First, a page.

NH Sparky
 
I have a customers generator that the rpm was running away. Unit would continually hunt, with rpms going from just above idle to way above 3600.
I disconnected the stepper motor and could make the engine rpm steady, to the point where the controller wasn't faulting out on overvoltage.
The stepper motor resistance readings were all approx 11.6 ohms, although I could feel a distinct bad spot in the stepper arm travel when manually moved.
I installed a new stepper motor and the RPM hunting stopped. The issue now is the rpm's are way too high (90+Htz) but constant.
The output voltage was 240, so the ARV is working. Unit will run for 10 to 15 seconds before shutting down with a fault of [RPM sense loss].
I'm suspecting a bad controller, but feel I should be checking where the controller gets it's rpm sensing. I'm, at a loss as to what exactly test to determine if controller has what it is supposed to see.
The unit starts fine, will hunt for 2 to 3 seconds at a lower rpm then goes right to "very high rpm's" and stays there until the controller faults.
While it's running at the very high rpm, I can read 240v at the generator side in the main circuit breaker.
I'm mostly looking for anything else I should be checking before I order a new controller.
Generator model- 0059201 S/N 6902698 Controller- Nexus 0H6680D


 
Here's an update on the troubleshooting. After determining the controller gets its rpm sensing by counting ignition pulses, I went back and checked a few more things.
I installed two spark plug glow testers so I could see the spark. When i started the unit, rpm went to real high and stayed there, then controller faulted. I removed the stepper motor cam and restarted. I could control the rpm manually and it would run just fine for as long as I wanted, both spark plugs happily firing away.This would seem to prove the controller sees the pulses.
I reconnected the stepper motor and restarted the unit, everything worked perfectly, ran it for 20 minutes, no problems, Both voltage and rpm's were fine.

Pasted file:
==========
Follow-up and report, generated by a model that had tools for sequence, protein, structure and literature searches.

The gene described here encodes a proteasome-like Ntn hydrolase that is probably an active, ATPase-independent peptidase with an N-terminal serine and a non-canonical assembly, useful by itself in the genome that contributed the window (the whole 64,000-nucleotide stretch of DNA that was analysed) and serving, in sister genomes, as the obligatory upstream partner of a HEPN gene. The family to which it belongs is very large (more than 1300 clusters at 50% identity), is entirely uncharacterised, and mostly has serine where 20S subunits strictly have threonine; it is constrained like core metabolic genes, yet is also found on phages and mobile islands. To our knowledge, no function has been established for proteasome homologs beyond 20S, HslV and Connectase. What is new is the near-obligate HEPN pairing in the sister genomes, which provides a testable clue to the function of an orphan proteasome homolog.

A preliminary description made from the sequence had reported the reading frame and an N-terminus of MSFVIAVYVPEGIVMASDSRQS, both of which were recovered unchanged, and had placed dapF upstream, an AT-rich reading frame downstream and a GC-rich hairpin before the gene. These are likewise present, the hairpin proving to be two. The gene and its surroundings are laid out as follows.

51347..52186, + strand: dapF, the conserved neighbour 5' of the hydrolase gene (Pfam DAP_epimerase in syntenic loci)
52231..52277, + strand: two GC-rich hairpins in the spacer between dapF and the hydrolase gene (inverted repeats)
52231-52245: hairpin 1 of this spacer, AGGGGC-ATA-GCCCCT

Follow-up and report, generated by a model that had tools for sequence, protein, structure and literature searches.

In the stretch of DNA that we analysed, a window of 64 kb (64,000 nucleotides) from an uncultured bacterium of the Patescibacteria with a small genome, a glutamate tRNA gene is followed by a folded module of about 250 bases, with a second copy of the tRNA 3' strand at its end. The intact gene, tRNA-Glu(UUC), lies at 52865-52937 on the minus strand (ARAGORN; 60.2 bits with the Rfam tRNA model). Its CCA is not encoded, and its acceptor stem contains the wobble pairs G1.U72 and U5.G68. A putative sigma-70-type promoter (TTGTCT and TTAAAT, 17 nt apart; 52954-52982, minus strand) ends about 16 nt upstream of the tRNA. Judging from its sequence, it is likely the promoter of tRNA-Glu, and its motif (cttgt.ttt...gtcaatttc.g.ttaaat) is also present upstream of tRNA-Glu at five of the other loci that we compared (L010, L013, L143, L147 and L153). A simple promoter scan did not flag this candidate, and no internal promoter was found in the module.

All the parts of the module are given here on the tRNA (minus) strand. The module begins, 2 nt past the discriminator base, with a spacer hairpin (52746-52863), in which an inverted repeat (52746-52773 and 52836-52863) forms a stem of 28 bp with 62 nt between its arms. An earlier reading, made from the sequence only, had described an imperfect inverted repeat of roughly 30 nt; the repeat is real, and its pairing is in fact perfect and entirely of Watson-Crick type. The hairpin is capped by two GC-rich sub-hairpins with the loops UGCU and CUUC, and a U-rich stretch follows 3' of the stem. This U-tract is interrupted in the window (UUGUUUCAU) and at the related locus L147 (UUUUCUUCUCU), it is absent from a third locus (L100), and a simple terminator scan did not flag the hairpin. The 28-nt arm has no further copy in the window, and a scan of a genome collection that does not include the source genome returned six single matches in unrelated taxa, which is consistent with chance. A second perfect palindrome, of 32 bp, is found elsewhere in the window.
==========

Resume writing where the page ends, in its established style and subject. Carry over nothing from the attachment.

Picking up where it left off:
Shut down unit for ten minutes and restarted, right back to high rpm. I did notice that when the controller faults, around 4200 rpm, the far spark plug stops sparking, but the near plug sparks all the way down to 0 rpm? If I turn the unit off before it faults, both plugs spark all the way down to 0 rpm.
Is it possible that wire 18 is compromised somewhat and making intermittent contact, or is the controller bad and not making the conversion from pulses to rpm.
Thanks for your time
Dave
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Cobranut
Does the controller normally use the same wires from the coils to cut the ignition on shutdown as it does to sense rpm?
Perhaps one of those wires is intermittent open. 
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Birken Vogt
I think you got it mostly figured.  The controller senses RPM signal from the low voltage side of both coils which are internally connected together somewhere in the engine area and travel back to the controller on wire 18.  If one side goes open circuit then the controller is only going to see 1/2 the RPM signal as it is expecting and increase throttle.  I'm not clear on what is making it shut down but when it does, it grounds wire 18 which should cause both plugs to quit sparking.